China in Pacific
4) contains the statement ‘‘people have wiped out 60 per cent of wild animal populations since 1970’’. What the World Wildlife Fund report actually says is: ‘‘The global populations of mammals, reptiles, birds and amphibians have fallen 60 per cent between 1970 and 2014’’.
The report is based on studies of 16,700 populations belonging to 4000 species around the world – only a fraction of just the animal species alone in the ecosystems. The causes of the decline are listed as increasing human consumption, climate change, pollution, farming and deforestation. It may be worth noting that the report has been criticised as skewed towards Western Europe (where data is more readily available) whereas the greatest impacts have been in Central and South America and Southeast Asia and Indonesia.
The Sunday Star-Times article is bad news; the reality is even worse. New Zealanders need to be much more aware and proactive.
A. Williams, Napier The Chinese Embassy is surprised by the article headlined ‘‘Government blindsided as Niue signs up to Chinese blandishments’’ (News, November 4).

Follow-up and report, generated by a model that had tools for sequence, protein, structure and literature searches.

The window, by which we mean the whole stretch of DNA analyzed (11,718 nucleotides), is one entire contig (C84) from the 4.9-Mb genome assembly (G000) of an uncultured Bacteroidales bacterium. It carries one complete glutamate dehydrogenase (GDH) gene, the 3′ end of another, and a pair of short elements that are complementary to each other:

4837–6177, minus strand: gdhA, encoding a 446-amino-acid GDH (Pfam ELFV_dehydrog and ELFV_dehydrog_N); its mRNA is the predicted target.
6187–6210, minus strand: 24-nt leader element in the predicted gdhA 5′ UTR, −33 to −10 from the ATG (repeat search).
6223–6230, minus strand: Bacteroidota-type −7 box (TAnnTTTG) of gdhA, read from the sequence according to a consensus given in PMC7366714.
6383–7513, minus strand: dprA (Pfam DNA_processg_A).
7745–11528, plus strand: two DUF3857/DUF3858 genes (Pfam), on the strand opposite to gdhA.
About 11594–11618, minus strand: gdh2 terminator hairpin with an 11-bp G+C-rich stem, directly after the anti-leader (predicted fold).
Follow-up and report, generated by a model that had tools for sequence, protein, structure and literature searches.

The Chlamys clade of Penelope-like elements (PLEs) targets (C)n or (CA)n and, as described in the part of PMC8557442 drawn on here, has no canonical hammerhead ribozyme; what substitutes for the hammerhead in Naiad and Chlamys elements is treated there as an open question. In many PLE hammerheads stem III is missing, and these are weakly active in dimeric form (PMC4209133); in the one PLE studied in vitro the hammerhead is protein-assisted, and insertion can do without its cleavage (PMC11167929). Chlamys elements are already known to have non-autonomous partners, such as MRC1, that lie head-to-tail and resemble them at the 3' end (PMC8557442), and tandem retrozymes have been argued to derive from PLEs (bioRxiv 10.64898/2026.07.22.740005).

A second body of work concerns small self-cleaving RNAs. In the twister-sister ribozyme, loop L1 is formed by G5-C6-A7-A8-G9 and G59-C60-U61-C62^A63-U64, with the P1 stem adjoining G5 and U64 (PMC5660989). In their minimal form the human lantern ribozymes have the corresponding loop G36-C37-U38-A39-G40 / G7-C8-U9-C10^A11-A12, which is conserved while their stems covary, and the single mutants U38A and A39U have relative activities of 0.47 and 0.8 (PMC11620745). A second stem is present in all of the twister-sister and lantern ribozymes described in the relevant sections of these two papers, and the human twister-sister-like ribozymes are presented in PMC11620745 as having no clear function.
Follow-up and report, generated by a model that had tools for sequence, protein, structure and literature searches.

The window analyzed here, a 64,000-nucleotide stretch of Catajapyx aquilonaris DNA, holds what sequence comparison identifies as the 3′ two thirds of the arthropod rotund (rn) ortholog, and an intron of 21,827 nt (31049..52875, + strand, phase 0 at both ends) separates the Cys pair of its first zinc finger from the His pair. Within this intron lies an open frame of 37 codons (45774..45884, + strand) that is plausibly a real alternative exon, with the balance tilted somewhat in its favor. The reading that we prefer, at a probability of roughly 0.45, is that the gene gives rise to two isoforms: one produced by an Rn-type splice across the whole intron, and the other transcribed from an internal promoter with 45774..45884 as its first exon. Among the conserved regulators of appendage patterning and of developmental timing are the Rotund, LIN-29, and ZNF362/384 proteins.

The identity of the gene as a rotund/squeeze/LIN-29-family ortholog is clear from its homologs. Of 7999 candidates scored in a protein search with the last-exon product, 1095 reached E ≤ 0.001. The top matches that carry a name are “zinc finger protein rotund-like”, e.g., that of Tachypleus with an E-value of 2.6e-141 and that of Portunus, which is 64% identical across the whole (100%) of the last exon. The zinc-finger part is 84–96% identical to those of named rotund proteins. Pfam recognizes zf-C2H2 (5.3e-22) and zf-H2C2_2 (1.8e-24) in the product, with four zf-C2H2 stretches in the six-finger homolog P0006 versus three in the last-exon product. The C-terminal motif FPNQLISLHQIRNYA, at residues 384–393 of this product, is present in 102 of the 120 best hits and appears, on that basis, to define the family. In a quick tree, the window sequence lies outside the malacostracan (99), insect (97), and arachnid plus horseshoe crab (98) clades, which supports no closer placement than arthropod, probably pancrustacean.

Since the establishment of diplomatic relations, China has been developing bilateral relations with the Cook Islands and Niue in line with the basic norms of international relations, with the principles and purposes of the UN Charter as the core. Over the years, China has promoted economic and social development in the Cook Islands and Niue by providing assistance within its own capacity based on mutual respect and common development.
The Belt and Road Initiative (BRI) aims to offer a China solution to global and regional economic issues. It includes more than 130 countries, including New Zealand, which signed a memorandum of understanding with China.
China and New Zealand have been maintaining regular contact on issues relating to Pacific island countries. China respects the important role New Zealand plays in the Pacific. China remains committed to working with New Zealand for the peace, stability and prosperity in the region. Zhenyu Wang, Chinese Embassy